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This page has all the links relevant to Tudor Grange Academy Solihull DofE teams. We're looking forward to running safe, successful expeditions for you, and we've provided some extra info on the slight changes to your program.

Food and cooking

Food and nutrition is still a big part of your expedition experience, despite not staying overnight. You will need to bring your packed lunch for each day, some emergency spare food and a meal to cook for the first evening, along with any snacks to graze on throughout the day. You're welcome to eat breakfast before you arrive, but please make sure you're thinking about the amount of energy you will be using in the day, and plan a suitable breakfast with plenty of carbs and a good mix of fast and slow release carbohydrates.

We need to look at reducing the need to handle each other's food or cooking utensils, whilst still managing to prepare suitable meals for all team members on 2 Trangia stoves.

The best way to do this is by cooking 'boil in the bag' meals or dehydrated food.

Boil in the bag meals come in a pouch that can be placed into a pan of water and heated by the boiling water outside. They are not opened until you are ready to consume them. Many tinned foods that just require warming through can also be heated this way by transferring them to a reusable food bag (heat proof, such as soup bags or silicone food bags designed to be used for cooking in) before the expedition.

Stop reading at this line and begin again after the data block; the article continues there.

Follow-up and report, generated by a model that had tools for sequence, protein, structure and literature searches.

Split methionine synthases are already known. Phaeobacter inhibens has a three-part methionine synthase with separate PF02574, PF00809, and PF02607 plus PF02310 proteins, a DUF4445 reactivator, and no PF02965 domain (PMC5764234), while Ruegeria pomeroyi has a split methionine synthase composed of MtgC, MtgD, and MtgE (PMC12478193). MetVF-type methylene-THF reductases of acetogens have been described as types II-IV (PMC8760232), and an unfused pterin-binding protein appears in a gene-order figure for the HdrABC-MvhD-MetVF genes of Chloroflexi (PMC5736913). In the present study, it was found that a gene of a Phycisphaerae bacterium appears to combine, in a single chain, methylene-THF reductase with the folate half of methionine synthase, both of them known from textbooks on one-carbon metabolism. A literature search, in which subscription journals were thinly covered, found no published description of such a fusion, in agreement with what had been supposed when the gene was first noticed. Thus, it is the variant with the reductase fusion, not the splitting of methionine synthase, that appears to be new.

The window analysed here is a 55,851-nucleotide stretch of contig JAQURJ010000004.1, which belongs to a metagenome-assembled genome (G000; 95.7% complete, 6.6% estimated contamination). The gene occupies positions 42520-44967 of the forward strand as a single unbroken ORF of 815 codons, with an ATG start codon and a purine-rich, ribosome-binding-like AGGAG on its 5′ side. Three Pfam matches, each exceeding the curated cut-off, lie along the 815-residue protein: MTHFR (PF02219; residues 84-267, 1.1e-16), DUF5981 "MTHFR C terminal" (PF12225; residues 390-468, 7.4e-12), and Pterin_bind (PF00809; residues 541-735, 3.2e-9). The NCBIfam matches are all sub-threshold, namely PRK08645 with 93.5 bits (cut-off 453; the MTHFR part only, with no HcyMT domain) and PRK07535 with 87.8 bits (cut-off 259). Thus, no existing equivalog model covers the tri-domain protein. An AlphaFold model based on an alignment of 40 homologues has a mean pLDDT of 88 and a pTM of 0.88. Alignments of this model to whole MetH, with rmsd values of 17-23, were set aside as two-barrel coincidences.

Dehydrated foods such as couscous, instant mash or even pot noodles* just require boiling water to be added to them. Making sure the water has boiled will kill any germs in the pan, and the freshly boiled water can be poured into the container the food will be eaten from. 

Make sure you check the calories for the meal you are preparing- you will need to eat 3000-5000 calories to replace the energy you will use over the course of the day. This should be a mix with plenty of carbohydrates, some sugar, and protein, fibre and fats for a well balanced diet. You may also find a little salty food helpful, as you will lose salt and minerals through perspiration, and replacing your salts will help your body to process fluids and prevent dehydration. Some teams choose to add pre-chopped, cooked or raw veg to their dishes to add to the range of nutrients found in packaged meals, and to add some flavour and texture. If you intend to bring meat items please consider carefully what these are, and bear in mind that your rucksack doesn't provide refrigeration temperatures. 

*We used to strongly advise against pot noodles, as they were quite fatty and salty, and didn't have very high calorific value for the size and weight. However, in recent years the pot noodle has changed, and actually has more calories and carbs than some specialist expedition meals purchased from outdoor shops, for a similar weight. The only drawback now is that it's a lot of single use plastic, and the pots can be prone to splitting in your rucksack- if you do intend to use them, bring a separate bowl or mug just in case. 

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